Spirit has also returned microscopic images and Mössbauer spectrometer readings of Adirondack taken the day before the rover developed computer and communication problems on Jan. 22. Both are unprecedented investigations of any rock on another planet.

The microscopic images indicate Adirondack is a hard, crystalline rock. "If you had a hammer and whacked that rock, it would ring," Arvidson said.

The peaks large and small in the spectrum reveal that the minerals in Adirondack include olivine, pyroxene and magnetite. That composition is common in volcanic basalt rocks on Earth, said science-team member Dr. Dick Morris of NASA's Johnson Space Center, Houston.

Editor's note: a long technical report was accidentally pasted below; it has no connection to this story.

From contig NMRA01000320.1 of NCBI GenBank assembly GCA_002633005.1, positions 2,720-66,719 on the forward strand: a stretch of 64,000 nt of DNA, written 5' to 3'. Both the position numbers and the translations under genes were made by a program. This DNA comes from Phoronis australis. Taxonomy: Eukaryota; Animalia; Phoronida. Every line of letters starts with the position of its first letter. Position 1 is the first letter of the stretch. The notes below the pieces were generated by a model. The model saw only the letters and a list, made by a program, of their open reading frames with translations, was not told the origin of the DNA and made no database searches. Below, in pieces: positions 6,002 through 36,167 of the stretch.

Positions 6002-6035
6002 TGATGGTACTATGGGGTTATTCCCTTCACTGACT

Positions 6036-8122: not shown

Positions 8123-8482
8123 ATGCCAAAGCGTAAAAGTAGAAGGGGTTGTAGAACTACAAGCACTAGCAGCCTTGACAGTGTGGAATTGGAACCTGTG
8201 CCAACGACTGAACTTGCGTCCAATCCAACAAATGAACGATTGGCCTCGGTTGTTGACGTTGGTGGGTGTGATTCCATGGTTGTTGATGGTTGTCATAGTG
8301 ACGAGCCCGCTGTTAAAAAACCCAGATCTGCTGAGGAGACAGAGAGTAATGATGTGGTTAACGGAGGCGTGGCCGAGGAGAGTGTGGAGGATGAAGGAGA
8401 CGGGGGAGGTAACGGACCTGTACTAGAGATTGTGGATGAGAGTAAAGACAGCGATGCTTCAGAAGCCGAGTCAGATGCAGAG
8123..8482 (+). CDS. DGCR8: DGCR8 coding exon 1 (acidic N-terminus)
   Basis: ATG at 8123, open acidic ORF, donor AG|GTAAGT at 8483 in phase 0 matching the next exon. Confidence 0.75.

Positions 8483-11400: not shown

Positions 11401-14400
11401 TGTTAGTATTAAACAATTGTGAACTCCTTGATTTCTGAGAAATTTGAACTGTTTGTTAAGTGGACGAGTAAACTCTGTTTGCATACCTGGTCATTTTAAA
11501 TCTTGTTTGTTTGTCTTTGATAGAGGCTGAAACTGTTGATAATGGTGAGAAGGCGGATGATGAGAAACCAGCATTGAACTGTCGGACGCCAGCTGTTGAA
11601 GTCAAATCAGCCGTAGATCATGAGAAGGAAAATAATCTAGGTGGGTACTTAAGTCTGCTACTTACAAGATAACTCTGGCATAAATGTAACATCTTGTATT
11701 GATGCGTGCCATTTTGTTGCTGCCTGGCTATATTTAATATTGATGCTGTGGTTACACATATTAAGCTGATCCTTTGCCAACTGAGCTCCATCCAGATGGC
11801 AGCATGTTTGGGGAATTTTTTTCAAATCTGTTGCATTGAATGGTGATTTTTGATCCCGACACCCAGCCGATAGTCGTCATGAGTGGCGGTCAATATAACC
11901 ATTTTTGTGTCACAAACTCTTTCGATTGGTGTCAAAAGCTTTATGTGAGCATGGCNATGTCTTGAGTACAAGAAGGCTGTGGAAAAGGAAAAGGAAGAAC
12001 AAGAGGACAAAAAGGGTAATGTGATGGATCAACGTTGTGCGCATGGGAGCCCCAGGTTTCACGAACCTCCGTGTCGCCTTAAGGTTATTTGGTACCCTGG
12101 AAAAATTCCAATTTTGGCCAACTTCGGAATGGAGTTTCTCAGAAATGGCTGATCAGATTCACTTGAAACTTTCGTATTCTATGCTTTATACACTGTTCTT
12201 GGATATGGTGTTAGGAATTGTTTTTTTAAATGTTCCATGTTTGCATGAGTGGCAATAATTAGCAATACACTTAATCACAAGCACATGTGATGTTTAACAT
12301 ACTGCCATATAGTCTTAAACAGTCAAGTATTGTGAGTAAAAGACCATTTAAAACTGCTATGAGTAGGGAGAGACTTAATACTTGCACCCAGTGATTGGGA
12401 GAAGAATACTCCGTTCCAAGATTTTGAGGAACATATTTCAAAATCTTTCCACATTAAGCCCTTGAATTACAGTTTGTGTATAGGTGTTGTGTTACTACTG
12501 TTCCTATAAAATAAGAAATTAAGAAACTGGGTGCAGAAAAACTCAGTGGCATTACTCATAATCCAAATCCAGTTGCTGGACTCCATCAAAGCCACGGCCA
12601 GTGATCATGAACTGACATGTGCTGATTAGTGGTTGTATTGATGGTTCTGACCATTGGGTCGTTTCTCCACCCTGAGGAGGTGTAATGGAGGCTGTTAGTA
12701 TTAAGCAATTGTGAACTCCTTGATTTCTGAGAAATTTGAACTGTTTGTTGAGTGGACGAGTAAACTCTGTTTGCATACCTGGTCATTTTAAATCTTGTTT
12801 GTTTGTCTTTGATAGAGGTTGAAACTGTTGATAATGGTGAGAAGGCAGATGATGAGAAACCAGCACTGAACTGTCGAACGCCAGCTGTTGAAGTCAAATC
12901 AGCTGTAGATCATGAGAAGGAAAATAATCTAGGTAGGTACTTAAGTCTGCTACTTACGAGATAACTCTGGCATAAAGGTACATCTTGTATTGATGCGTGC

January 21 flash memory management anomaly

On January 21 (sol 18), Spirit abruptly ceased communicating with mission control. The next day the rover radioed a 7.8 bit/s beep, confirming that it had received a transmission from Earth but indicating that the spacecraft believed it was in a fault mode. This was described as a very serious anomaly, but potentially recoverable if it was a software or memory corruption issue rather than a serious hardware failure. Spirit was commanded to transmit engineering data, and on January 23 sent several short low-bitrate messages before finally transmitting 73 megabits via X band to Mars Odyssey. This suggested difficulties with the rover's high-gain antenna. The rover had also been in a processor reset loop of some type since Wednesday, in which the processor would repeatedly wake, load the flight software, and uncover a condition that would cause it to reset. The processor was not resetting immediately, however, with a delay of up to an hour. Indications were that the cause of the reset was not always perceived by the rover's diagnostics to be the same each time.